Glacier-Waterton National Park
|Glacier National Park (Corbis)|
Though administered by separate countries and divided by the international boundary, the Glacier and Waterton parks are at the same time united in the most natural of ways. Glaciers carved the Upper Waterton Valley, which lies in both nations; the native plants and animals are similar, and the massive Rocky Mountains span the two countries. Long before European explorers and settlers began to venture into the Rockies, the peoples native to this region shared the bounties of the land and considered it one.
In the mid-18th century things began to change. The quest for furs drew trappers deep into these mountains, and boundaries were drawn, marking the domains of the great fur-trading companies of the west. Then in 1818, the 49th parallel to the Continental Divide was established as the international boundary between the territory of the United States and what was then territory owned by Great Britain, arbitrarily dividing the natural land area of today's Waterton/Glacier.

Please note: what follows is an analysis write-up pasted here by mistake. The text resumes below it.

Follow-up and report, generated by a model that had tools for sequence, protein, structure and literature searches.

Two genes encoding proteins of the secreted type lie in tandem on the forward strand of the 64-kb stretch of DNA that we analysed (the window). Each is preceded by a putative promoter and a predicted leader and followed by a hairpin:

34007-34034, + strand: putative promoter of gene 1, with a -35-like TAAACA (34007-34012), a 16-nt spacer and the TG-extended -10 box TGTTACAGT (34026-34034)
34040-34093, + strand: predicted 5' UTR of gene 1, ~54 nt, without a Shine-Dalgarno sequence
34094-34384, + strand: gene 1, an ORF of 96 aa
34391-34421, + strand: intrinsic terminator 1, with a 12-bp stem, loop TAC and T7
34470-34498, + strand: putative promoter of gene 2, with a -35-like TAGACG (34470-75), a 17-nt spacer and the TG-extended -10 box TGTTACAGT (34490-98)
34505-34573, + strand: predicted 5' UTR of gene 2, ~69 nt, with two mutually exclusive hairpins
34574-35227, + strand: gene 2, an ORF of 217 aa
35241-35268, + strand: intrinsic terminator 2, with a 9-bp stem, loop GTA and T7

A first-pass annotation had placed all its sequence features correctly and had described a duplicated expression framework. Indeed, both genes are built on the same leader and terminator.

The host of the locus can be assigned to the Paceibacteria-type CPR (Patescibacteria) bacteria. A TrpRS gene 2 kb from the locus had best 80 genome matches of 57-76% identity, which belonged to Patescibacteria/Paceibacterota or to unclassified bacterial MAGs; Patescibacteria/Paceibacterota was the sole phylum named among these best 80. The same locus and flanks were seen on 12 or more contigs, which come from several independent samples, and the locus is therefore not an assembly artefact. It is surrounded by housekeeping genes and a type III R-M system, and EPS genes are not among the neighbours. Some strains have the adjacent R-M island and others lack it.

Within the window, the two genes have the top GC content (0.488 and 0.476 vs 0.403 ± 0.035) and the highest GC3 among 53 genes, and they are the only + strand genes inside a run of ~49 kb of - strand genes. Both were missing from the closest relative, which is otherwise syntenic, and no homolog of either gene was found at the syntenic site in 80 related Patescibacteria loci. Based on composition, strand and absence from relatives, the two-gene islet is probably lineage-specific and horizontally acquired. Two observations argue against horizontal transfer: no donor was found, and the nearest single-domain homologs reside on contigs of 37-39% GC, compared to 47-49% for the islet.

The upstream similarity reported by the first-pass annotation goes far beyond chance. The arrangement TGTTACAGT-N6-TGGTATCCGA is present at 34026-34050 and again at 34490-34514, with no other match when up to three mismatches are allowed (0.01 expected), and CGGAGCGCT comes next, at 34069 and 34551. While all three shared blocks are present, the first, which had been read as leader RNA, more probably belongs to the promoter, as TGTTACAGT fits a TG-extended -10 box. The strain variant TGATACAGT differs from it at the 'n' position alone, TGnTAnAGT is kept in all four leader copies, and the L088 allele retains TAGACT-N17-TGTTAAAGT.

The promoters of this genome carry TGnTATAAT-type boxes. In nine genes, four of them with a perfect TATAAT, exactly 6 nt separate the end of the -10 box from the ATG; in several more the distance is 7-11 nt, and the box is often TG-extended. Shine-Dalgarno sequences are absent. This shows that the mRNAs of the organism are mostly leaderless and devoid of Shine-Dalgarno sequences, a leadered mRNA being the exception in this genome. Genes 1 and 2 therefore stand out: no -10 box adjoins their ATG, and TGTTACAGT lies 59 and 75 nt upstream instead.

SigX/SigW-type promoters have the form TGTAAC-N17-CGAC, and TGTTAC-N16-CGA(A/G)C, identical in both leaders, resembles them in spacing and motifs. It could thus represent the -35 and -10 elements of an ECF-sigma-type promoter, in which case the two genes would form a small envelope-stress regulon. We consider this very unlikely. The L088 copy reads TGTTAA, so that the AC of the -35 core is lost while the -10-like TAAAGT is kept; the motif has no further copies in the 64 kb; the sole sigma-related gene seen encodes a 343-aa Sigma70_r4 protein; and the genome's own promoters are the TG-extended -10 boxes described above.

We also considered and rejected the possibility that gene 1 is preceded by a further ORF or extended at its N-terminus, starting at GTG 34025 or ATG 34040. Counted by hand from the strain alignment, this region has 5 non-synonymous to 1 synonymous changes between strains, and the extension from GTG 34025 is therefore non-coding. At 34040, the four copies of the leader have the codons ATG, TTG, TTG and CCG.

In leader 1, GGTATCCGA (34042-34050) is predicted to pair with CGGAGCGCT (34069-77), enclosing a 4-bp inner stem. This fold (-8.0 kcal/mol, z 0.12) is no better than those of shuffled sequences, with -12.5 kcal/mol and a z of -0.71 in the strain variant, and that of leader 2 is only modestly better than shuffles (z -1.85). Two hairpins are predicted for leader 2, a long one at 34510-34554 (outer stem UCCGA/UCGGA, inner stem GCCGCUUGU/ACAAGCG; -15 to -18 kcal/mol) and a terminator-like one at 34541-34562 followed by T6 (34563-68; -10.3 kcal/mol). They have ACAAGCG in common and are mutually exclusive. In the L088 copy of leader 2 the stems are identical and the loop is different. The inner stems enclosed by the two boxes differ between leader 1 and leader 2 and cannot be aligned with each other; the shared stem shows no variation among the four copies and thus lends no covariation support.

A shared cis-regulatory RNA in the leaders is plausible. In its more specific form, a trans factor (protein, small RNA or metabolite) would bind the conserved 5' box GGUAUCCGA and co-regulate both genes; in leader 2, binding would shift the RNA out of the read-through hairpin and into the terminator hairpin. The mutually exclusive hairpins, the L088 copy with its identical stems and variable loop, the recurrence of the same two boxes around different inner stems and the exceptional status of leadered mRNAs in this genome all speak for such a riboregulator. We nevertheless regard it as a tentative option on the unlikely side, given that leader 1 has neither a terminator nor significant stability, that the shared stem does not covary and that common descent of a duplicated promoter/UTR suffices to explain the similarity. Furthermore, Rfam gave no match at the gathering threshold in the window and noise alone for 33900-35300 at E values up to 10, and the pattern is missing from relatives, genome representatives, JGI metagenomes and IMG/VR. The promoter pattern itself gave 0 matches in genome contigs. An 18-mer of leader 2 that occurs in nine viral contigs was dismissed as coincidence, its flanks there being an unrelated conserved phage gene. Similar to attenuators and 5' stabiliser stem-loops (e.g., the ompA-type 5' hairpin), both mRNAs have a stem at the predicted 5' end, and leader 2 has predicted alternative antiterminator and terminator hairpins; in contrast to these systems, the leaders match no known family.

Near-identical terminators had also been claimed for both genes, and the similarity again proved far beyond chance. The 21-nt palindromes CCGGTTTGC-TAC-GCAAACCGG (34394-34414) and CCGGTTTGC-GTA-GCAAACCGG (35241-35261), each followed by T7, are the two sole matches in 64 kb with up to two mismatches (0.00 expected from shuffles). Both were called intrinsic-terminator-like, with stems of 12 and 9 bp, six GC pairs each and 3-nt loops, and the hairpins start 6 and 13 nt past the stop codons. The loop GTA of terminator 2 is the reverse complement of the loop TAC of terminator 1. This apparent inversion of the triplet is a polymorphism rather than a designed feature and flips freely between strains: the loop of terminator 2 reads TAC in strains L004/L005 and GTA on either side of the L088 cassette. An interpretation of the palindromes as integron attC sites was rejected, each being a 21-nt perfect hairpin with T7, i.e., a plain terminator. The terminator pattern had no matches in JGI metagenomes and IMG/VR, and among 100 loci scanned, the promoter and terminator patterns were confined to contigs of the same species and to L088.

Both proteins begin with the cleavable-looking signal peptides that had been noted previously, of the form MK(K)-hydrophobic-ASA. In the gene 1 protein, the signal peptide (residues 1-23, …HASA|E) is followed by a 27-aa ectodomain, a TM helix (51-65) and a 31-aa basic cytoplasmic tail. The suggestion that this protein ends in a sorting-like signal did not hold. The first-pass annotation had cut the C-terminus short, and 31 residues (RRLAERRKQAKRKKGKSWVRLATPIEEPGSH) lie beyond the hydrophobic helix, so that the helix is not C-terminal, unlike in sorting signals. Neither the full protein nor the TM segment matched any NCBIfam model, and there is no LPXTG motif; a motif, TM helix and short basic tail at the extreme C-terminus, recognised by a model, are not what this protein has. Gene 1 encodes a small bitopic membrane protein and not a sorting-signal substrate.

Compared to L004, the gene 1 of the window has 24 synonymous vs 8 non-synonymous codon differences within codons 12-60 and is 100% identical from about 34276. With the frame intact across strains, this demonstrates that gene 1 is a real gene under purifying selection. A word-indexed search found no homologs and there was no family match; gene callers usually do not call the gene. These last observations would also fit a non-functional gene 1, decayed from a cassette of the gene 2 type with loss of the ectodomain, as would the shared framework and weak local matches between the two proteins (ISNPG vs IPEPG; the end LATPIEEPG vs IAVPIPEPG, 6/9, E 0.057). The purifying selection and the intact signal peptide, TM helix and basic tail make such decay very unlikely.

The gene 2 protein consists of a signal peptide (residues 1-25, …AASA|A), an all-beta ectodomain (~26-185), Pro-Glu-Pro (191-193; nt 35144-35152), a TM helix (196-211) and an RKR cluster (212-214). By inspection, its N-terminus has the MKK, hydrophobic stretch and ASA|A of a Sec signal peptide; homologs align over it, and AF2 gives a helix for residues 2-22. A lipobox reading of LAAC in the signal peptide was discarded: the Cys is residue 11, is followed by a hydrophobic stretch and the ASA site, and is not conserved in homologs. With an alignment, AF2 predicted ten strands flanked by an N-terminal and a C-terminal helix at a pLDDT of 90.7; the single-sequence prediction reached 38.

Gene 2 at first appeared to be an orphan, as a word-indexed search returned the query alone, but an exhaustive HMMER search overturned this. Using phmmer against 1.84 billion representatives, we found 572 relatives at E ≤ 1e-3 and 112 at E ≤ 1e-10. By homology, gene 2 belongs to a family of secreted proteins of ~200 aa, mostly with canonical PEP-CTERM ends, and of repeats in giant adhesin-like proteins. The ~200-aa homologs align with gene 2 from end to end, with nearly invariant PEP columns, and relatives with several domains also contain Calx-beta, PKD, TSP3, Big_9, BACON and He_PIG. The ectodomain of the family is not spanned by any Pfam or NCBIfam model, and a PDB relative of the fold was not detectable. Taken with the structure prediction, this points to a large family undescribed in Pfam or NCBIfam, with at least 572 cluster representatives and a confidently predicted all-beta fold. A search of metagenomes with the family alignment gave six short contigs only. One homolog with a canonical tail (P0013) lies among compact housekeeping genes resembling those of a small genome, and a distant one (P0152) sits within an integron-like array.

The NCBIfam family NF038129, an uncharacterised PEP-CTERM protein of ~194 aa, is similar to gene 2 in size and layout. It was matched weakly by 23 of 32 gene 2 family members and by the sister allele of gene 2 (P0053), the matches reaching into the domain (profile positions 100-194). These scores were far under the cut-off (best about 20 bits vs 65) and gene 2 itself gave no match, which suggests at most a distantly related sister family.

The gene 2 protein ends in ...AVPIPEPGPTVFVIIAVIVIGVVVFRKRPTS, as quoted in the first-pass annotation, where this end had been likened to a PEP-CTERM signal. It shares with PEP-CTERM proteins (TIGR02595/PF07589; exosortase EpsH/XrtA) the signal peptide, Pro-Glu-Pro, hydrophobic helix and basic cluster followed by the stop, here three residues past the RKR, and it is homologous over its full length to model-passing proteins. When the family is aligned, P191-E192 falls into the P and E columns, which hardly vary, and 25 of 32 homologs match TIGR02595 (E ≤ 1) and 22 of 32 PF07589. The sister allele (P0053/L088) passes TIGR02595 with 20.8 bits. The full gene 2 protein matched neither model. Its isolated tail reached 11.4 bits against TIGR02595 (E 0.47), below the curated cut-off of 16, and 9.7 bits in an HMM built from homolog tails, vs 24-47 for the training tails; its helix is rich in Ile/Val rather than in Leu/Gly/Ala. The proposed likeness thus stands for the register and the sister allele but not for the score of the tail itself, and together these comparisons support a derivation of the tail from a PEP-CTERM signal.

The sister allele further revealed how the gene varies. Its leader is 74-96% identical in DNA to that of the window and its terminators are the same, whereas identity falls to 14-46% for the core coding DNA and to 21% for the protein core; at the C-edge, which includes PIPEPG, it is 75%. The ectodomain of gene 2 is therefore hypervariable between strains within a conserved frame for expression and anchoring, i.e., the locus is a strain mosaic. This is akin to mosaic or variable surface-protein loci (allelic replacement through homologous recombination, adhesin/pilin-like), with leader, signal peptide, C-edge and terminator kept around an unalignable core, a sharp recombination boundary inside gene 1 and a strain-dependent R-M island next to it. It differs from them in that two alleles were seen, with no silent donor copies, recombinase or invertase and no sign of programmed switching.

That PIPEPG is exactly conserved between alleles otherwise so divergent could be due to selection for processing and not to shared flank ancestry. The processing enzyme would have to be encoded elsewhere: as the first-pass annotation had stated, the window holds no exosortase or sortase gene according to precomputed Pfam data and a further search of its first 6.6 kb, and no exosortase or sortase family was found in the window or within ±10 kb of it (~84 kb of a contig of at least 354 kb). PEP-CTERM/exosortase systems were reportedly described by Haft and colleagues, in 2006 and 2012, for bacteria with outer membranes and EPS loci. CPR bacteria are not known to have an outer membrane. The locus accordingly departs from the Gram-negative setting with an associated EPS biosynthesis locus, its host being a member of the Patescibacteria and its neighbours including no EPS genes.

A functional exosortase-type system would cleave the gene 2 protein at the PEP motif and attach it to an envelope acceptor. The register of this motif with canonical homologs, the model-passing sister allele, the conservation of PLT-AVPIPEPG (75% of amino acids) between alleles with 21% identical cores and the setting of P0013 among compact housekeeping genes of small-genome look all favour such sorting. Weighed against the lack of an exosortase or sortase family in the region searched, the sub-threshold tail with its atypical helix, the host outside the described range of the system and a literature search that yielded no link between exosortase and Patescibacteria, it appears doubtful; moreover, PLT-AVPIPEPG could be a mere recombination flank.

In the late 19th century, farsighted men such as Frederick William Godsal in Canada and George Bird Grinnell in the United States labored to persuade their governments to set aside parts of the Rockies as wilderness recreational havens to be preserved for future generations. Their goals were reached in 1895 when Waterton Lakes National Park was established and in 1910 when Glacier was created. As the years went by, people in both nations recognized the natural unity of the parks, and largely through the efforts of Rotary International of Alberta and Montana, the U.S. Congress and the Canadian Parliament in 1932 established the first international peace parkWaterton/Glacier International Peace Park. The park symbolizes the bonds of peace and friendship between the people of the United States and Canada.
Through the United Nations Education and Scientific Organization's (UNESCO) Man and Biosphere Program, Waterton Lakes and Glacier national parks have been designated as Biosphere Reserves. The Man and Biosphere Program explores the relationships between people and the many ecosystems of the world. Biosphere Reserves provide for scientific research, education, and the preservation of biologic and genetic diversity.
Details mentioned in this article were accurate at the time of publication